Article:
Tramp Ant, Tetramorium bicarinatum
- Coloration: head, thorax and pedicel reddish-brown, abdomen black
- Head roughened with parallel grooves
- Body of worker 1/4 inch in length (monomorphic)
- Antennae 12-segmented with a 3-segmented club
- Epinotum with a pair of spines
- Have multiple queens
Little has been published on the biology of this ant. However, it is a close relative of the Guinea ant, Tetramorium guineense (Fabricius), another tramp species of African origin commonly found in the Gulf Coast region where it occurs most commonly in the urban area. These ants feed on dead and live insects and as house pests are almost omnivorous, feeding on fruits, vegetables, meats and grease. Feeding habits appear to be similar for these two species. Winged male and female Tetramorium bicarinatum have been observed in the laboratory every month of the year. Inseminated queens probably found colonies without the aid of workers.
Tetramorium bicarinatum is of African origin introduced into the United States through human commerce. It is commonly found in the southern region of the United States, in South Carolina, Florida and Texas. Since it is easily spread as a stowaway among things transported by humans, it is referred to as a “tramp ant.” This species has become common in many areas along the Gulf Coast of Texas. It is not an aggressive invader of structures, but is commonly found along sidewalks, driveways, in and around flowerbeds, around foundations of buildings and in rotting wood.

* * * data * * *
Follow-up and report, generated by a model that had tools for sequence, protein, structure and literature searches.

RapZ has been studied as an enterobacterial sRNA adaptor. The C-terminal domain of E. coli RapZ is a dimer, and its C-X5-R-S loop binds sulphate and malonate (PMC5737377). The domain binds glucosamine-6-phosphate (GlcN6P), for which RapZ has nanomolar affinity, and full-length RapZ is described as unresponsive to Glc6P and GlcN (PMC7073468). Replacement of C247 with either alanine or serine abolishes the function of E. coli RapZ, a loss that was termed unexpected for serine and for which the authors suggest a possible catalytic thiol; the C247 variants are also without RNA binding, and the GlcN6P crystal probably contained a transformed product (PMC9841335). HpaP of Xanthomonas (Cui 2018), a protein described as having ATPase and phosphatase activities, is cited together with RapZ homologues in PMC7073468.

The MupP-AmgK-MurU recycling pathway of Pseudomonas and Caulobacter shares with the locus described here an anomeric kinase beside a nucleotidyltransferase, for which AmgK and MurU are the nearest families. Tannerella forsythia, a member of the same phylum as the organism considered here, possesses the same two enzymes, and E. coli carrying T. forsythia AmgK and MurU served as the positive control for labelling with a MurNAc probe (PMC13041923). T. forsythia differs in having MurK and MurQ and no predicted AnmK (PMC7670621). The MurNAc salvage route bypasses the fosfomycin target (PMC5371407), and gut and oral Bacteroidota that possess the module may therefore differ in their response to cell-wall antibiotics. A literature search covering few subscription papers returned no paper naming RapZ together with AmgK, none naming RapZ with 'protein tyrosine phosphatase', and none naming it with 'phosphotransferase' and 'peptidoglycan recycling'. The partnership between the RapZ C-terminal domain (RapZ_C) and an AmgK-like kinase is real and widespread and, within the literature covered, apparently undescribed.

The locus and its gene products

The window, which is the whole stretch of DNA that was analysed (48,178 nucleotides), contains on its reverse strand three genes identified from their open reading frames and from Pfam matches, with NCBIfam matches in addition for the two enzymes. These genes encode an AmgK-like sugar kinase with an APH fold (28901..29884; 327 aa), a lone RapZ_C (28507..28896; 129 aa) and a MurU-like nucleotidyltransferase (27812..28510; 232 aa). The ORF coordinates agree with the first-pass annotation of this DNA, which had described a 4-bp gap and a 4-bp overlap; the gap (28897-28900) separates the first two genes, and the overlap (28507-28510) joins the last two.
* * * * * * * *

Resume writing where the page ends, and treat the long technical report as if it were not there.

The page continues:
They have large polygynous colonies with polydomous nesting habits. The nests may be widely distributed in a given area. The workers are monomorphic; about 1/4 inch long, the head and thorax is roughly sculptured, reddish-brown and the abdomen is black. Queens are only slightly larger than the workers. In nature they take liquid secretions (honeydew) from plant sucking insects such as aphids, mealy bugs, and scales. They tend and protect these insects and use these as a food source. They show a distinct preference for foods with high sugar content.
The most important step in controlling this ant is to locate the nest and treat it directly to destroy the colony. To help in locating the nest, the ants may be baited with sweets such as sugar, honey, jelly or a piece of bacon placed where ants are seen. When ants have located and fed on these foods they can be traced to their nesting site. After baiting the route, treatment can be made in cracks and crevices where they are returning with food to the colony nest. Treatments with an appropriately labeled dust insecticide can be puffed into holes and give good coverage of voids where the ants will be killed or carry the insecticide back into the nest, resulting in the death of others.
Outside, use a perimeter spray with an insecticide as a wettable powder formulation and treat the foundation as high as two feet and three feet out into the soil. This will control existing colonies and prevent invasion by new colonies.